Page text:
If you see me at any given time on any given day, it might appear that I’ve managed to grow a set of white wires out of my ears. Particularly if you see me at work, at the gym, at the grocery store, in my kitchen, on my couch. etc. My earbuds are a semi-permanent fixture for my daily goings-on. Unlike in my 20s when I listened to a lot of music (sometimes the same album on repeat), 99% of the time now I’m listening to podcasts. Some of which are about music, or play music. I typically only listen to music when I’m working out – I need a ratchet and thuggy soundtrack to help me go beast mode.
So I figured I’d share some of my favorite podcasts on the blog, just in case anyone is interested in listening to something new, or wants to cosign (or bash) my great (or questionable) taste in digital radio 🙂
Though I had initially thought of featuring a fun and light podcast for my inaugural “AudioFiles” post but with the recent incident in France and the subsequent coverage around it, I had a change of heart. I’ll explain why…
A few days ago 3 gunmen shot and killed 12 people at French satirical magazine Charlie Hebdo in Paris. The gunmen were Muslim. So, yeah, that automatically equates to terrorism, in American logic. You can read for yourself the details of the incident, but I will say I think the categorization of this as a “terrorist attack” is a bit extreme.
ANYWAY… Don Lemon, the anti-brilliant, pseudo-journalist, along with countless other Americans seem to believe that Muslims must apologize for and denounce any and all acts of violence and crime committed by other Muslims (whether these are truly acts of terrorism or not). I find this thinking completely asinine and lazy.
As a result of the conversation around this incident, and numerous others that have occurred in the recent past involving our Muslim brethren, I thought of a very interesting debate I heard on one of the first podcasts I ever listened and subscribed to – NPR’s Intelligence Squared U.S. – entitled, “Islam is a Religion of Peace.” General gist of the debate: Is the rise of terrorism and violence justifiably traced to the teachings of Islam, or is this call to war a twisted interpretation of the true Muslim faith? Most of the world’s 1.5 billion Muslims are moderates who see Islamic terrorism as a violation of their sacred texts. Is it wrong to let a radical minority represent authentic Islam? Has fear blinded us to its lessons of tolerance and peace?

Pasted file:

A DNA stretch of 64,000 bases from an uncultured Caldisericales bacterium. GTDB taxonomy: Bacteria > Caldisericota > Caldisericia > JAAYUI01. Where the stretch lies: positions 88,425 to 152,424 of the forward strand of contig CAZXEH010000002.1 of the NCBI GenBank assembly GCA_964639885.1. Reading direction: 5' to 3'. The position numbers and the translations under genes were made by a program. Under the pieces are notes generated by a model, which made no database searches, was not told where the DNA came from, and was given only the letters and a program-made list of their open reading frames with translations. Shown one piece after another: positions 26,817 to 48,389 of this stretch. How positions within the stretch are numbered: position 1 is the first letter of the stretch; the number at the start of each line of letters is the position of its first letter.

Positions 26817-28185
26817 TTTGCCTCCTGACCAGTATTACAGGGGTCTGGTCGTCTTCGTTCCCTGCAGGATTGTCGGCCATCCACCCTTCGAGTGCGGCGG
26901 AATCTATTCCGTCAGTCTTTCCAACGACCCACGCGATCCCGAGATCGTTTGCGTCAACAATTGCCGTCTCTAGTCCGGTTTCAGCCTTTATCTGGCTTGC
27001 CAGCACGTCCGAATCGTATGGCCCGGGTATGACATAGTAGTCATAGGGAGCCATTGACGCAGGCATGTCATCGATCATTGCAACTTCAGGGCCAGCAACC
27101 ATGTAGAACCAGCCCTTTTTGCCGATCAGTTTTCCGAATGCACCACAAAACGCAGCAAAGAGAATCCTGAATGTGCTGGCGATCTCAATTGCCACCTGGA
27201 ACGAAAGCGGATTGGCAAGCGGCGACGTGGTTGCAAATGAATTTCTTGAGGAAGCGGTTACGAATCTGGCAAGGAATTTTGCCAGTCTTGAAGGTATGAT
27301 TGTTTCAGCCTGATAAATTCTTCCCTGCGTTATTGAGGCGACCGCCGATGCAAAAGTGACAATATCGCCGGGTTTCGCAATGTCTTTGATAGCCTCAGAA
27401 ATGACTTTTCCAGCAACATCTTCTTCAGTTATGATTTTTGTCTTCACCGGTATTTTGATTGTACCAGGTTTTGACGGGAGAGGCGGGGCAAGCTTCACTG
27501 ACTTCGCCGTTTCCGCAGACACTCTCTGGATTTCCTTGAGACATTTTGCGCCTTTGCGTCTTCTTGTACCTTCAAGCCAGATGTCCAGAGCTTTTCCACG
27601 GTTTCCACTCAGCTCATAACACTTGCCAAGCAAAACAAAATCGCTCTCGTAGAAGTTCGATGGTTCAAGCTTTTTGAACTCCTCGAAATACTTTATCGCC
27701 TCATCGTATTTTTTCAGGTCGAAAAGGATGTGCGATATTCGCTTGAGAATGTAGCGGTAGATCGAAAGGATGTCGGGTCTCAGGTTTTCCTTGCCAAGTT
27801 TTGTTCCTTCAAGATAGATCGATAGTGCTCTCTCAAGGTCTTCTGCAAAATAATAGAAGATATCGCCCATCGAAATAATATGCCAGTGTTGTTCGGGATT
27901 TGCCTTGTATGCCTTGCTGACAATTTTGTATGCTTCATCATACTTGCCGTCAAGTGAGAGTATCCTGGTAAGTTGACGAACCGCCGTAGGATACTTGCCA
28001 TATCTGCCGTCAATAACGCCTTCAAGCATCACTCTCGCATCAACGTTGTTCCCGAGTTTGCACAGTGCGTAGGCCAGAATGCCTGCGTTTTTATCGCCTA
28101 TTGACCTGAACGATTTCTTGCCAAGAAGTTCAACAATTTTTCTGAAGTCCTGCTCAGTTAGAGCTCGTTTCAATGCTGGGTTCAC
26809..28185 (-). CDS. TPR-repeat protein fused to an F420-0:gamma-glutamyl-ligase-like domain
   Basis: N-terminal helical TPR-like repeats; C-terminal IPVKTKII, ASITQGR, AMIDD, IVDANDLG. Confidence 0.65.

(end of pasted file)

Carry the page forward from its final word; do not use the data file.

I thought it was a great, but frustrating debate. I’ve posted the full video here (sidenote: I prefer not knowing what the debaters look like lol).
Why IQ2US is Audio-Awesomeness
I love learning and knowing about what’s going on in the world around me, thinking both conceptually and practically, and challenging my own beliefs and notions about certain topics. I also love to debate (read: construct informed arguments) and philosophize and fact check and dig into the meat of an issue. IQ2US allows me to do all of these things! Without actually engaging in a war of words lol. The shows are based on the traditional Oxford-style debate format, with one side proposing and the other side opposing a sharply-framed motion, with 2 well informed people on each side. The debates can get heated, but most of them are deeply rooted in brilliant, well researched arguments. There are so many complex topics that I’ve learned a lot about (such as the common core, genetically modified foods, and the US drone program) by listening to these debates that I might not have normally absorbed just by reading or hearing about them in the media.
The debate structure can be so frustrating when you’re the one debating, but its great for listeners. The debate format is easy to follow and the moderator keeps everyone on time and task, and often nudges the debaters to answer directly (no duckin, divin, dippin, dodgin, and duckin questions allowed). It’s also fun to see scholarly people shout at each other or clapback with facts over insults. It’s so brilliant!
I highly recommend IQ2US to those who appreciate intelligent shade-throwing and like to challenge their thinking and beliefs. If you’re the “just to play devil’s advocate, here” type, then this is definitely the podcast to help you sharpen those otherside of the coin views.
Do you listen to podcasts? Are you more likely to listen to music or podcasts when you want to be auditorally-stimulated? Have you ever listened to IQ2US? Do you find the art of argumentation intriguing?
Listening & Learning,